JumbleBee Zine: volume one hits US border – it’s awesome!

Remember zines? Actual paper magazine – with small circulation and usually self-published?  Well, I just got one delivered from Winnipeg – JumbleBee. It was very exciting.

The zine is produced by Lily O’Donnell. She was sick of submitting work into a back hole and decide to self-publish, which I think it how most zines start. She put out a call for submissions and received 12 submissions from all over the world. Submissions included art, stories, poetry and comic format. The theme is an honest and open response to COVID – How the hell ya doin’?

It is a snapshot of a unique minute in time from early 20 year-somethings. Many of located in Winnipeg, which has much more extreme quarantine rules than we have in Minnesota. College is online. Many jobs have been furloughed or removed. In Canada, those workers get livable support from the government. So for many artists, it’s a time of greater isolation than in the US but also greater support.

Artists such as Aislinn Livingston embrace the fear with her work “I’m just trying to hold it all together,” a drawing of a young woman holding parts of her face like puzzle pieces, which once removed show a flash of skull. Ryan Bryan Haughey shows the breadth and depth of what’s happen with a mosaic of historical images of people of all ages over sheet music.

Kate O’Donnell submits a work called, “Stuck at Home.” It’s a house unscathed on stilts in the middle of a storm. Dark clouds above, tumultuous waves and snakes below. It embodies the anxiety of feeling like everything is OK – for now. COVID is unusual because it is an enemy we can’t see – but we can feel like the foreboding weather in a storm.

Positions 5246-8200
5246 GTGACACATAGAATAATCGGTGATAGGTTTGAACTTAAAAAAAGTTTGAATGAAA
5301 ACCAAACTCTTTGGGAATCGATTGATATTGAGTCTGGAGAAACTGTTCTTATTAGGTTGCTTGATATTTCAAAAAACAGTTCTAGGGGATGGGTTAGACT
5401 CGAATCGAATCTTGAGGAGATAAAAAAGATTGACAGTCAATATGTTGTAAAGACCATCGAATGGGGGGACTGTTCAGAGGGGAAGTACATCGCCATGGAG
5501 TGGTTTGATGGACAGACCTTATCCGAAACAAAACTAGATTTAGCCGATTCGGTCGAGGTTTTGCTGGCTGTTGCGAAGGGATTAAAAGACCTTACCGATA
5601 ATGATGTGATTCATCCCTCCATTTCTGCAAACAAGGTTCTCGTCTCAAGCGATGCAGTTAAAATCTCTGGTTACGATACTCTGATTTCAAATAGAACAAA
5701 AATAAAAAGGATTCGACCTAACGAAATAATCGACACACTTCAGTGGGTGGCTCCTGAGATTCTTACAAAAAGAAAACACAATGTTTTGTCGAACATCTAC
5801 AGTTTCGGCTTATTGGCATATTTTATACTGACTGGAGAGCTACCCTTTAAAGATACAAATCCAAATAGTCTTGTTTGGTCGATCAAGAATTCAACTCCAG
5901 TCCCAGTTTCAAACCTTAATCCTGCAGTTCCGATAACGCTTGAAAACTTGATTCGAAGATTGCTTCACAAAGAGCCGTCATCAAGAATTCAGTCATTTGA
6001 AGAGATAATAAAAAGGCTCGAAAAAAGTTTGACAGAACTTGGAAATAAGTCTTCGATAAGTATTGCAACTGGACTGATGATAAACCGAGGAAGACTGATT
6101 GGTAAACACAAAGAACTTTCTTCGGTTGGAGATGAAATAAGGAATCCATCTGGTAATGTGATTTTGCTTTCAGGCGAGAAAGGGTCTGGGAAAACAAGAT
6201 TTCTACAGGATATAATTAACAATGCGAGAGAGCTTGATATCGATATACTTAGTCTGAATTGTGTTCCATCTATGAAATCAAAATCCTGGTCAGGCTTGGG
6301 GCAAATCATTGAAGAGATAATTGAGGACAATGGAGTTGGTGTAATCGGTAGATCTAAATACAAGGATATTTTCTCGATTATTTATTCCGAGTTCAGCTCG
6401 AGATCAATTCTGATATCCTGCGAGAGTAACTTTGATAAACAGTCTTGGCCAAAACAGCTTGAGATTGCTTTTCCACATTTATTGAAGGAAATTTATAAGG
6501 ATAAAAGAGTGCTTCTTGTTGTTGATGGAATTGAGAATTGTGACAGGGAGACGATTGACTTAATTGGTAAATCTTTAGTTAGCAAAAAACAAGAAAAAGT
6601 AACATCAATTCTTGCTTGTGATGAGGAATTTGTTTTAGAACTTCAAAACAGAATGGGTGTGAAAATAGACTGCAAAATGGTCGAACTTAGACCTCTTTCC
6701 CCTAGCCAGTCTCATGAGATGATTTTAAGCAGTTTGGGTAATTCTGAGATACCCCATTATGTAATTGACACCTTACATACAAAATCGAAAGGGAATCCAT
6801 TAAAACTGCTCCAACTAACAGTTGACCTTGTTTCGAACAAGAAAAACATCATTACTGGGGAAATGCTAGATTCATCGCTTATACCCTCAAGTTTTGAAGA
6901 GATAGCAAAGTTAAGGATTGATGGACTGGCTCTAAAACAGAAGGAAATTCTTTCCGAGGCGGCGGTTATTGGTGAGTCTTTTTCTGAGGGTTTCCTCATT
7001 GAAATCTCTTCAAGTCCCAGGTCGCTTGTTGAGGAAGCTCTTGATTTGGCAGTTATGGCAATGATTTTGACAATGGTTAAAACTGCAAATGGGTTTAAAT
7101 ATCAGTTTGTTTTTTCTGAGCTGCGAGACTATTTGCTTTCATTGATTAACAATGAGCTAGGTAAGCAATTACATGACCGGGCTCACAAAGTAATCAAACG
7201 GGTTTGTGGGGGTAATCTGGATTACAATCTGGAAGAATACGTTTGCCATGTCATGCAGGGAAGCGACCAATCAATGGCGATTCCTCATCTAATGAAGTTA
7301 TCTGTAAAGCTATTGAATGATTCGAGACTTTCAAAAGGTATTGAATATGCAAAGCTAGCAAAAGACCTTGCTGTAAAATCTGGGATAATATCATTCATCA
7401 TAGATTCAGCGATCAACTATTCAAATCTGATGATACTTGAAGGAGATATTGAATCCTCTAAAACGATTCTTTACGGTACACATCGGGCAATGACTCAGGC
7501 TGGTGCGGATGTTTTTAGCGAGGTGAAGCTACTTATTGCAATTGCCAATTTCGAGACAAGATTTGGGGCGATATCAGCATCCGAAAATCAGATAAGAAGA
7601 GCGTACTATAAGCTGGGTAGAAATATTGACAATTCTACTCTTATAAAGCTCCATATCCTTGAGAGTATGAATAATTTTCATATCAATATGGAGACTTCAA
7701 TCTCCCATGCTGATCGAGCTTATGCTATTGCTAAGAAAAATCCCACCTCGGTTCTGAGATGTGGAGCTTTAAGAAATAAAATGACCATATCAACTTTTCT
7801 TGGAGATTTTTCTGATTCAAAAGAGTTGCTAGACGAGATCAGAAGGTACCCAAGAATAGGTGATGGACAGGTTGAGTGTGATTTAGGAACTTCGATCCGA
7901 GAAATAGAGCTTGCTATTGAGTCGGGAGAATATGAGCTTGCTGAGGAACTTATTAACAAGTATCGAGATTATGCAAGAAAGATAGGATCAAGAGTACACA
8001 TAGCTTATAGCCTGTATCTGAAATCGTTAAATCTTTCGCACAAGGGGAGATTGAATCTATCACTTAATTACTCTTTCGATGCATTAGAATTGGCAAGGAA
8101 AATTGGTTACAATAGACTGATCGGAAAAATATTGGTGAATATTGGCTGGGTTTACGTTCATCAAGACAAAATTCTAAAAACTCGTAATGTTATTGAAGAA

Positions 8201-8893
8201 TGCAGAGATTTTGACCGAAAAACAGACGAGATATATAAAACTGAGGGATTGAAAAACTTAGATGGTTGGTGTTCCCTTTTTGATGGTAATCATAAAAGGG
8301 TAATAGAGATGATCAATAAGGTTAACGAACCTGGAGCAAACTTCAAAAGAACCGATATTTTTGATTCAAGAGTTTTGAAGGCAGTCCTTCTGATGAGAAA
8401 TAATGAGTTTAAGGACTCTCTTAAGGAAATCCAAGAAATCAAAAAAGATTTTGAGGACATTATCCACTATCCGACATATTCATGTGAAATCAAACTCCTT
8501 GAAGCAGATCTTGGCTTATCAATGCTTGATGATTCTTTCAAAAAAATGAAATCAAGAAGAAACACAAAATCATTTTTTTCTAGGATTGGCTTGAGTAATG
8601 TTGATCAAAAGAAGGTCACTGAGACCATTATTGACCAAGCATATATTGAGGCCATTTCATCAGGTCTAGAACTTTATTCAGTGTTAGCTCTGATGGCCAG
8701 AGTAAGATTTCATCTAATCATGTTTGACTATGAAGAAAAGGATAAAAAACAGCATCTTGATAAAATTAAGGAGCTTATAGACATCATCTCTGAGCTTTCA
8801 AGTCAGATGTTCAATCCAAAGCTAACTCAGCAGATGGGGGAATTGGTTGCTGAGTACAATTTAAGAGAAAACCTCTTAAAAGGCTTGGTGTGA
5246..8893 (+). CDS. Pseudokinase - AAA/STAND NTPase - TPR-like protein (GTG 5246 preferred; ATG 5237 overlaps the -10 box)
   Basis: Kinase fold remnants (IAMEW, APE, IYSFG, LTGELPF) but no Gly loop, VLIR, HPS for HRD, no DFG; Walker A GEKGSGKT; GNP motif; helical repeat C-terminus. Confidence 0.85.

Lily O’Donnell has a mini-graphic story that depicts what she misses from pre-quarantine life and what she has gained from quarantine times. It’s honest, yet hopeful. She misses concerts and travel; she has gained time to read, draw and turn fear of loneliness into appreciation of being alone.

Brittany Godin talks about her experience participating in a virtual art show. While she clearly appreciates the opportunity, it’s heartbreaking to hear that in the end, the online experience was not fulfilling. It’s a reminder of the opportunities we are missing because of the quarantine. To counter that down-letting, Teri Anderson has cross-stitched Robert Shuller’s line – “Tough times don’t last, tough people do.”

So in the end – turns out how the hell ya doin’? Is a pretty good question. The collection is well curated and it is a look at how others are dealing with these crazy times! It successfully creates a sense of community.

Check out JumbleBee to find out an potential publications and the opportunity to submit something.

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